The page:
For migration experiments with uniform EGF647 stimulation, 6-well Lab-Tek plates were coated with Collagen (Sigma-Aldrich) in 0.1 M Acetic acid (Sigma-Aldrich) for MCF7 (100 µg cm-2), and Fibronectin (Sigma-Aldrich) in Phosphate-Buffered Saline (DPBS) (PAN-Biotech) for MCF10A cells (2 µg ml-1), and stored in incubator at 37 °C overnight for evaporation. Excessive media was removed and the wells were washed with DPBS before seeding cells. MCF7 cells were seeded and transfected as described above. In the case of MCF10A cells, 1 × 105 cells per well were used for seeding. For migration experiments with gradient EGF647 stimulation, MCF7 cells were transferred to the coated M04-G02 microfluidic gradient plates as described above. Before seeding, MCF10A cells were detached from 6 well Lab-Teks by discarding the growth media and washing once with DPBS (PAN Biotech) before adding 100 µl Accutase (Sigma-Aldrich). After 20–30 min incubation period at 37 °C and 5% CO2, fresh cell growth media was added, and the cell density and viability were measured using a cell counter (Vi-CELL XR Cell Viability Analyzer System). After spinning down, the cells were diluted to 2 × 106 cells/ml, and subsequently seeded in the microfluidic plates according to manufacturer’s instructions.


For gradient quantification, Fluorescein (Sigma Aldrich) was dissolved in Dulbecco’s modified Eagle’s medium (with 25 mM HEPES, without Phenol Red) (PAN Biotech). Imaging media: DMEM without Phenol Red was mixed with 25mM HEPES. For nuclear staining, 20 mM Hoechst 33342 (Thermo Fisher Scientific) was mixed with DPBS and diluted to 2 µM working concentration. EGFR inhibitor Lapatinib (Cayman Chemical, Ann Arbor, MI) was solubilized in DMSO (Thermo Fisher Scientific) to a stock concentration of 5 mM and stored at –20 °C.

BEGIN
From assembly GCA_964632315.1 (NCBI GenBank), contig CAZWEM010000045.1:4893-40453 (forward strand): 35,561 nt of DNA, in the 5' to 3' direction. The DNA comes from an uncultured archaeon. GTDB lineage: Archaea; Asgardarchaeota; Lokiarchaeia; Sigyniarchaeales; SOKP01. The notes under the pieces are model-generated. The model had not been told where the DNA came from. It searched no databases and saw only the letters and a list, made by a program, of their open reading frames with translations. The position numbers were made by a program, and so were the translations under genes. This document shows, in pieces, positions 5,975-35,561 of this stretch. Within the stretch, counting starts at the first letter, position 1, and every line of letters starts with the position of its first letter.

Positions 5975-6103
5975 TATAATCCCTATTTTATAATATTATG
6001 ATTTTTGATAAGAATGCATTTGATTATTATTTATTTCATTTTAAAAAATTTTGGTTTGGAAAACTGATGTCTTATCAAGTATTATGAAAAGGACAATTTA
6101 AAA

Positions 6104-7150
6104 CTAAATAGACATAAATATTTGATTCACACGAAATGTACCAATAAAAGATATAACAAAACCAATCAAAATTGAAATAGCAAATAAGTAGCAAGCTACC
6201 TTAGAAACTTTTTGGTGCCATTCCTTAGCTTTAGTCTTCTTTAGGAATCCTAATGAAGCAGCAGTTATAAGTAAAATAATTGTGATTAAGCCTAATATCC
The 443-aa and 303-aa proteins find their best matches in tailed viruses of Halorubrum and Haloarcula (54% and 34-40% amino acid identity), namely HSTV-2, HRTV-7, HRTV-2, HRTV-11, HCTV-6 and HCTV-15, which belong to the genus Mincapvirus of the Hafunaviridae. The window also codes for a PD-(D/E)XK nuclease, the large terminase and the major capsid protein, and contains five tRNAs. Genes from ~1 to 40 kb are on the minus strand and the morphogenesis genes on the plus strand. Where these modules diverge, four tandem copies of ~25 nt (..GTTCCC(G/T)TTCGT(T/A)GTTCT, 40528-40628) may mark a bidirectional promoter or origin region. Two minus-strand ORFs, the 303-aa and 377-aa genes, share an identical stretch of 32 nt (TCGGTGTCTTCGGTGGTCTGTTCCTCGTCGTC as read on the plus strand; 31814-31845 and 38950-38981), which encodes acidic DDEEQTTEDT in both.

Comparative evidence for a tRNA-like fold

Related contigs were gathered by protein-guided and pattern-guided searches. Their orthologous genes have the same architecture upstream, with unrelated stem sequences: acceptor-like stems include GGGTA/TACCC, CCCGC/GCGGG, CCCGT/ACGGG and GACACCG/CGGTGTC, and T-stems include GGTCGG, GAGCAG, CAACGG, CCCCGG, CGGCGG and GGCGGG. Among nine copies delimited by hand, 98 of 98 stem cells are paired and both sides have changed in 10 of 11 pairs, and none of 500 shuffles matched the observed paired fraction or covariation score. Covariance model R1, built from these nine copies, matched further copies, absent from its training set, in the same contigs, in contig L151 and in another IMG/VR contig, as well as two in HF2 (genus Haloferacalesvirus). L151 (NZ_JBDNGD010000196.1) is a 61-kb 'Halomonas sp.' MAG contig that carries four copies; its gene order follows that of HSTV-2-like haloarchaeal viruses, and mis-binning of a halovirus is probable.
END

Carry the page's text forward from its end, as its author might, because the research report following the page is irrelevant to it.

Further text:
Confocal and wide-field microscopy

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Confocal images were recorded using a Leica TCS SP8i confocal microscope (Leica Microsystems) with an environment-controlled chamber (Life Imaging Services) maintained at 37 °C and HC PL APO 63 x/1.2 N.A / motCORR CS2 water objective (Leica Microsystems) or a HC PL FLUOTAR 10 x/0.3 N.A. dry objective (Leica Microsystems). mCitrine, mCherry and Alexa647 were excited with a 470nm–670nm pulsed white light laser (Kit WLL2, NKT Photonics) at 514 min, 561 nm, and 633 nm, respectively. BFP and Hoechst 33342 (Thermo Fisher Scientific) were excited with a 405nm diode laser. The detection of fluorescence emission was restricted with an Acousto-Optical Beam Splitter (AOBS): BFP (425nm–448nm), Hoechst 33342 (425nm–500nm), mCitrine (525nm–551nm), mCherry (580nm–620nm), and Alexa647 (655nm–720nm). Transmission images were recorded at a 150–200% gain. To suppress laser reflection, Notch filter 488/561/633 was used whenever applicable. When using the dry objective for migration experiments, the pinhole was set to 3.14 airy units and 12-bit images of 512 × 512 pixels were acquired in frame sequential mode with 1 x frame averaging. When using the water objective for polarization experiments, the pinhole was fixed (1.7 airy units) for all channels. The Leica Application Suite X (LAS X) software was used.

Wide field images were acquired using an Olympus IX81 inverted microscope (Olympus Life Science) equipped with a MT20 illumination system and a temperature controlled C02 incubation chamber at 37 °C and 5% CO2. Fluorescence and transmission images were collected via a 10 x/0.16 NA air objective and an Orca CCD camera (Hamamatsu Photonics). Hoechst 33342 fluorescence emission was detected between 420nm–460nm via DAPI filter, mCitrine fluorescence emission between 495nm–540nm via YFP filter and Alexa647 fluorescence emission between 705nm–745nm via Cy5 filter. The xCellence (Olympus) software was used.

Gradient establishment for polarization and migration experiments